The Last Professors is equally scathing on the hypocrisy of our disavowed competitiveness. But wait: the People’s Republic of the Humanities, competitive? Donoghue puts it a little more gently, discerning “a collective behaviour that ironically duplicates the very corporate values from which we humanists wish to distance ourselves” (26). Exhibit A: graduate school, which picks the best and brightest and then drives them to despair by demanding superlative performance in “a unique kind of competition in which the stakes are extremely high and the rules are never fully explained” (33). Exhibit B is the job market, typically experienced as “an intense personal drama about individual distinction and merit” (37). Exhibit C: the still-hallowed monograph, unpurchased, unborrowed, unread, and unassailable. In all of these cases, we define success in impossible terms. And I use the first person here deliberately: there is no “they” doing this to us. Don’t believe me? Try striking up a conversation at the next academic meeting with, “We should forget about writing monographs.” It is hard not to agree with Donoghue that our research models are “clearly broken” (55).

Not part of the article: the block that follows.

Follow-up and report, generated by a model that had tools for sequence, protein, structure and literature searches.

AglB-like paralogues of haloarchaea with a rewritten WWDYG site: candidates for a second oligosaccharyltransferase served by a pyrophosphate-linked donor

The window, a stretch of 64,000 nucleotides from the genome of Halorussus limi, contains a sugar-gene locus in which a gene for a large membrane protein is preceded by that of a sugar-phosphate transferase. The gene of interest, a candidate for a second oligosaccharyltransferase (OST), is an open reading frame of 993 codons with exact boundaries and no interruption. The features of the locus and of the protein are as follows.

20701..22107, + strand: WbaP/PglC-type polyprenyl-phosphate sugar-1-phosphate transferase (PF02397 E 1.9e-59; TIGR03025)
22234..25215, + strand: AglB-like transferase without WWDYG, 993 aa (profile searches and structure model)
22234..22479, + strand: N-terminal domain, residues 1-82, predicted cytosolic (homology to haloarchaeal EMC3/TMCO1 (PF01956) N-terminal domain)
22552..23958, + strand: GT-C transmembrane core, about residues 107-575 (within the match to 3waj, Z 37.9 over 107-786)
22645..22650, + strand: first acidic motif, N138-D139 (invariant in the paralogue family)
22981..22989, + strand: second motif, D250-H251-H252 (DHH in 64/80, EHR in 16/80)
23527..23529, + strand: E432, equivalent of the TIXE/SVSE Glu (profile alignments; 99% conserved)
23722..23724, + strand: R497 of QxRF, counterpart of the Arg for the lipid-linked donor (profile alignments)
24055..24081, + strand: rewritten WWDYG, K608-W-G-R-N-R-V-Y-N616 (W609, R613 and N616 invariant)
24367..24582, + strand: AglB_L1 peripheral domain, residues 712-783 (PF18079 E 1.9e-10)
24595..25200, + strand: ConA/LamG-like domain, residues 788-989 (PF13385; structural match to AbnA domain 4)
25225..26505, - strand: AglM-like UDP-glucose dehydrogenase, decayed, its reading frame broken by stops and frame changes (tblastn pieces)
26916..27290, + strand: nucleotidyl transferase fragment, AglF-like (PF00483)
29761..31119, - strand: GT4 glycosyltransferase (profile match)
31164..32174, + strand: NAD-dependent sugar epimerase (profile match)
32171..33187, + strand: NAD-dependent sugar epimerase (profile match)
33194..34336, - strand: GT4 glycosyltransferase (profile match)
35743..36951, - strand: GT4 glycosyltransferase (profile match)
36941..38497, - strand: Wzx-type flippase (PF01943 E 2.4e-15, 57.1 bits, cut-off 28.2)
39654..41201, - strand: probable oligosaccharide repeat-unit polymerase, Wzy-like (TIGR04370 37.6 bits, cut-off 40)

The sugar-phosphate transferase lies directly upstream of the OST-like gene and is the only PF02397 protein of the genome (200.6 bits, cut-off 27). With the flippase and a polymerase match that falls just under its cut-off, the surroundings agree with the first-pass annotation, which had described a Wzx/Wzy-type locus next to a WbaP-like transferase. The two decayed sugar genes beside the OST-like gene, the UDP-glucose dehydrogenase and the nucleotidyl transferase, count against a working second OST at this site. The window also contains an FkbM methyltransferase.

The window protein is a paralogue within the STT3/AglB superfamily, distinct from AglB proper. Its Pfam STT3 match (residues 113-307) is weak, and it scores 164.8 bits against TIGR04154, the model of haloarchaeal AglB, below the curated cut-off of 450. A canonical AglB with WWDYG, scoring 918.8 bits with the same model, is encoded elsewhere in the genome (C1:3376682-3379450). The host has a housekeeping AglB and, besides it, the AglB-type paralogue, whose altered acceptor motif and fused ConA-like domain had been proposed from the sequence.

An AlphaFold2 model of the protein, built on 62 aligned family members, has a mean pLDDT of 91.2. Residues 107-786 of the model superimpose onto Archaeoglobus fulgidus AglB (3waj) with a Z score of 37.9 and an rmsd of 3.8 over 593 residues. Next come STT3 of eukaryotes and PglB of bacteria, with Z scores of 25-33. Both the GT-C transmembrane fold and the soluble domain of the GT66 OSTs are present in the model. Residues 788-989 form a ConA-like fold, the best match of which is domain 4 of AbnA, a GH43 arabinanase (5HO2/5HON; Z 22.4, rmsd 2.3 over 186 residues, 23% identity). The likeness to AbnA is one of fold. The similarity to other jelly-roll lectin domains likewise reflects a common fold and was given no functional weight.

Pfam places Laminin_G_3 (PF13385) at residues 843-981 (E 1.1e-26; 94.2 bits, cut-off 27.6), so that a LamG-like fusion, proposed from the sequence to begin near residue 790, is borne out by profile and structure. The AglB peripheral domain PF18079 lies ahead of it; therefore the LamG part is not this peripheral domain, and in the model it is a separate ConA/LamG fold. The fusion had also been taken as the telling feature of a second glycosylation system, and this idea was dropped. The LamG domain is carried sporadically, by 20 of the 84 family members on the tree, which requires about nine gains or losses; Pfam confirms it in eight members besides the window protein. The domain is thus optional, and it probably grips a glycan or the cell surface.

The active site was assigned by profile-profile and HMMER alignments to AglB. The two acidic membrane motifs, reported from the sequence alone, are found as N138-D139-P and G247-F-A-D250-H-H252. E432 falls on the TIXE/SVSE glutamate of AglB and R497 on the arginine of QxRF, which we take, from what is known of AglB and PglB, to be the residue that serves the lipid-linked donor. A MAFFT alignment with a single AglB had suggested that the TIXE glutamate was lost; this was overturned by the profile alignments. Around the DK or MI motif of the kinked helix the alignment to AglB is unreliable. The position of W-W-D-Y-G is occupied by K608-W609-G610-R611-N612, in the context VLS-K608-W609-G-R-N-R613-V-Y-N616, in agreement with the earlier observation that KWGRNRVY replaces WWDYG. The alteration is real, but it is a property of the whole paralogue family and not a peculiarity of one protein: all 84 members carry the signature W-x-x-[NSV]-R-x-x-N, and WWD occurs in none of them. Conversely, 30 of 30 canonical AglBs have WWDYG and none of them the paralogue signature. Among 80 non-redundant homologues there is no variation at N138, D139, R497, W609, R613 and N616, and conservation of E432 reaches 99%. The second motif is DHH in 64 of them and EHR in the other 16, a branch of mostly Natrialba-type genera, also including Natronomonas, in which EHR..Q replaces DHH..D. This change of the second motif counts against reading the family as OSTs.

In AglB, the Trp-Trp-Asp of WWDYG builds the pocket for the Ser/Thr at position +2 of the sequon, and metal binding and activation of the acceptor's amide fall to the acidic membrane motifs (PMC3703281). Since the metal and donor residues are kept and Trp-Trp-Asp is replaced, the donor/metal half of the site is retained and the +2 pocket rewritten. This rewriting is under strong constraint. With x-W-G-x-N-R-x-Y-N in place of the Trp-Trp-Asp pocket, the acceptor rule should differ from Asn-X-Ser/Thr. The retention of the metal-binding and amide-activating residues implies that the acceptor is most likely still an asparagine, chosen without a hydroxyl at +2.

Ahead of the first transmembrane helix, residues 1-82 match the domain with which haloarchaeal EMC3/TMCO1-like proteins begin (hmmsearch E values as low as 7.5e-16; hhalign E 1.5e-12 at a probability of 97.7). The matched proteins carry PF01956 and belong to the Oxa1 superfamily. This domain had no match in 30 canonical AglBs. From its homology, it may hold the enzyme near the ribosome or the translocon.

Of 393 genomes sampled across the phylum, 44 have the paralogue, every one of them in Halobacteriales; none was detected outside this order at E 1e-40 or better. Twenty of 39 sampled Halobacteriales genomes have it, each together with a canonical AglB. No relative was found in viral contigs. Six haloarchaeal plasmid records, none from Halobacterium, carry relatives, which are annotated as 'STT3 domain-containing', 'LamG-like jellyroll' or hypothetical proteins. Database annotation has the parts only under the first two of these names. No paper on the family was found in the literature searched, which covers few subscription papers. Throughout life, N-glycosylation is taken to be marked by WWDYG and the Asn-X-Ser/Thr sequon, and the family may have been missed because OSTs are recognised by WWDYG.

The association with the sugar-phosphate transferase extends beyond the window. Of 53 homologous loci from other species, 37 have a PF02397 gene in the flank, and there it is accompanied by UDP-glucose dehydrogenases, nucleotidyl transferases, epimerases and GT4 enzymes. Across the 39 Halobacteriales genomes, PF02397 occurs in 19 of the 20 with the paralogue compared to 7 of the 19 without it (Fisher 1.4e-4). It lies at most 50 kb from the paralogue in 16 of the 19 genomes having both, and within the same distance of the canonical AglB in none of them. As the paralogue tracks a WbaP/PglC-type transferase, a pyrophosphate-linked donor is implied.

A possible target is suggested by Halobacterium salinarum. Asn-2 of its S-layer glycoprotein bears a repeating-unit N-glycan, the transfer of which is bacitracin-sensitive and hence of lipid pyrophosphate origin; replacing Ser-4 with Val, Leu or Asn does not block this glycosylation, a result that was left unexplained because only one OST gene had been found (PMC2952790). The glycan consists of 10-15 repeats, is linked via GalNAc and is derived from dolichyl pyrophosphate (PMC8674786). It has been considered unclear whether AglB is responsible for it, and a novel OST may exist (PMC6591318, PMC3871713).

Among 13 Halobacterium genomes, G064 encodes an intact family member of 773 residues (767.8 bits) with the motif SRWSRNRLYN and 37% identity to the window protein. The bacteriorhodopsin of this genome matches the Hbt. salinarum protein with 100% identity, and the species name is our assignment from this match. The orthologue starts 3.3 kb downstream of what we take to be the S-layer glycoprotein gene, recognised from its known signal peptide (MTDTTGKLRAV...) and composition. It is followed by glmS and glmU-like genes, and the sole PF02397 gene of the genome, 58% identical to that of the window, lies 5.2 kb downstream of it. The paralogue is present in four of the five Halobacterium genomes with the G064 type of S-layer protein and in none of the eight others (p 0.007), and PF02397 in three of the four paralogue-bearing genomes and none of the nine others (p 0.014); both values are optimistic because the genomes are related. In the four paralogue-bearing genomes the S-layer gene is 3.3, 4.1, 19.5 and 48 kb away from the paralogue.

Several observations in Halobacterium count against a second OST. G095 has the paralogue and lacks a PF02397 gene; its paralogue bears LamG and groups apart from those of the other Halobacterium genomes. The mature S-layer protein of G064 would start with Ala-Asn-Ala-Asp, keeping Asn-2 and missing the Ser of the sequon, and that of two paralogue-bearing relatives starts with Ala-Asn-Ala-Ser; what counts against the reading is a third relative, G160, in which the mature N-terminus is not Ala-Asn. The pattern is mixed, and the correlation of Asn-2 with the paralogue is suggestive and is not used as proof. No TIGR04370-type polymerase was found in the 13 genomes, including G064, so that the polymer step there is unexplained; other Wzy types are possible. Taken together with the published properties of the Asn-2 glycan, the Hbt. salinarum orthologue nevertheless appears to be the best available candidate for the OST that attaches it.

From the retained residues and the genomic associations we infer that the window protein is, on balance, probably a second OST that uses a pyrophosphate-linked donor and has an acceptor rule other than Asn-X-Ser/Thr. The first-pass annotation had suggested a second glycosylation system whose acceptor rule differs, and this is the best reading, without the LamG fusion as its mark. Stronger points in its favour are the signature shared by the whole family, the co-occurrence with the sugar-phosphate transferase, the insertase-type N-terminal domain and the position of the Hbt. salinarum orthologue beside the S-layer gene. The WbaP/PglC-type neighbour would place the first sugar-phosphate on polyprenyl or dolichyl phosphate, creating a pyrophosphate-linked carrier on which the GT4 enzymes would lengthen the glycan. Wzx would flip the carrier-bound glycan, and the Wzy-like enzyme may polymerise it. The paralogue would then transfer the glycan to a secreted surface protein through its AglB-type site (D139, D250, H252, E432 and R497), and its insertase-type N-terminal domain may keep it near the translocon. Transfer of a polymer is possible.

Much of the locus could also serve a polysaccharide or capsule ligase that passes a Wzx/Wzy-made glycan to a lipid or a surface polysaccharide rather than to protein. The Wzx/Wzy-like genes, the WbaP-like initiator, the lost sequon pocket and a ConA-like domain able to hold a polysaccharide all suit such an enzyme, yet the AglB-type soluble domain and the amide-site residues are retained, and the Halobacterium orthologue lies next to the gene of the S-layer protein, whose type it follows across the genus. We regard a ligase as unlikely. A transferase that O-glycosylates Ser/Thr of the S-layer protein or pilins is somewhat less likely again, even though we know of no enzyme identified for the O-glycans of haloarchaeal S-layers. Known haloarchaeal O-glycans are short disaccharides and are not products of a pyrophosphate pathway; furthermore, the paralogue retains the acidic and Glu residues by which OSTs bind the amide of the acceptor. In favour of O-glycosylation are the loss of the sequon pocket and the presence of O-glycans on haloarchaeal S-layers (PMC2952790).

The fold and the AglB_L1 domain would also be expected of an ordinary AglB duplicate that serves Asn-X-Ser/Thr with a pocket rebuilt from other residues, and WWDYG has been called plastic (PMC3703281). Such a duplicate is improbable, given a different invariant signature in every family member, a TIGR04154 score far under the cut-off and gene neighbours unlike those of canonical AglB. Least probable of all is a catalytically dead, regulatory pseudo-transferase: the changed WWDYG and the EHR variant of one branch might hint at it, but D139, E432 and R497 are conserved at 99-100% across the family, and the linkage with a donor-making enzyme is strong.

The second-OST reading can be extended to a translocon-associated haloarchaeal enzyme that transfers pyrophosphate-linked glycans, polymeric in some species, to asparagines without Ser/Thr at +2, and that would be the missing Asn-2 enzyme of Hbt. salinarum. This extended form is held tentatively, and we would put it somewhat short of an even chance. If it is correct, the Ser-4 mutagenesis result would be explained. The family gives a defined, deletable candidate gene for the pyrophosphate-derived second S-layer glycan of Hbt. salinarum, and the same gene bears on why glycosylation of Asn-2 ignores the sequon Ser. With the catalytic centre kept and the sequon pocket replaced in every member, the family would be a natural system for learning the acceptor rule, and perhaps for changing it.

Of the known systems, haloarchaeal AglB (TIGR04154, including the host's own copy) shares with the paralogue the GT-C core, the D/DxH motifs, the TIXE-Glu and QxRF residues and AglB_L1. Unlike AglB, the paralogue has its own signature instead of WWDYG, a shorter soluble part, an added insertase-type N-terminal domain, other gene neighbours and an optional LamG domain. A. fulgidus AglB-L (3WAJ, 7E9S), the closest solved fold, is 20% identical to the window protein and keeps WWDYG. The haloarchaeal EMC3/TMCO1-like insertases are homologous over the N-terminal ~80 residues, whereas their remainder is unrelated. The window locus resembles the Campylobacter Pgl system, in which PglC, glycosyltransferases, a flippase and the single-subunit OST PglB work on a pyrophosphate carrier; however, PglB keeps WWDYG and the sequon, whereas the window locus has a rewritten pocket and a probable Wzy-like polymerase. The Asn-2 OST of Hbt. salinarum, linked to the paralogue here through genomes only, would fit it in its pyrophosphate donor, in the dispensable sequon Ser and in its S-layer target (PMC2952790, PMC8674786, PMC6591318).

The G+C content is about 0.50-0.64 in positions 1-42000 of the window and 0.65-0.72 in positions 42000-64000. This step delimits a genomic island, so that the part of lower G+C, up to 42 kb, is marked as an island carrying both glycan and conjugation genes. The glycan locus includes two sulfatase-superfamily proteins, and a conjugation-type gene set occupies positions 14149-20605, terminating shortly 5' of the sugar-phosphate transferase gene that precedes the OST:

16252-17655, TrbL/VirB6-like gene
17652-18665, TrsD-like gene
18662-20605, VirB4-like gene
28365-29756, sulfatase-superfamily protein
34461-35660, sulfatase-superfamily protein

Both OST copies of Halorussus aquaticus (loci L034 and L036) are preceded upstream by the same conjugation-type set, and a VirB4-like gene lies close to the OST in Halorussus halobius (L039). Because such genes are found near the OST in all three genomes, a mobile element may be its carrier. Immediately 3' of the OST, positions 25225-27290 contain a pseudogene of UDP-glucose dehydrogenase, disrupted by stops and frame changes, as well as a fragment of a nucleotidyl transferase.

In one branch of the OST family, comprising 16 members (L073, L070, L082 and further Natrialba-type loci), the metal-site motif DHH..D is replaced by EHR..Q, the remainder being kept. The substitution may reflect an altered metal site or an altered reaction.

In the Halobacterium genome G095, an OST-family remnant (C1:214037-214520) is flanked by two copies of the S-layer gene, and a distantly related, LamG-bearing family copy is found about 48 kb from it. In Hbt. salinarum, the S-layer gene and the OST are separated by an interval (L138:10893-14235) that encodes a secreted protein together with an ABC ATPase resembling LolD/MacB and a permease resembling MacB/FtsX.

Here and here for further details.
Thanks for the links Derridata. Have you read this yet?:
"Student rebellion is therefore deep-seated, with the prospect of debt slavery being compounded by a future of insecurity and a sense of alienation from an institution perceived to be mercenary and bureaucratic that, in the bargain, produces a commodity subject to rapid devaluation".
From the same piece:
"In the corporatised university students now confront capital directly, in the crowded classrooms where teachers can hardly match names on the rosters with faces, in the expansion of adjunct teaching and, above all, in the mounting student debt which, by turning students into indentured servants to the banks and/or state, acts as a disciplinary mechanism on student life, also casting a long shadow on their future".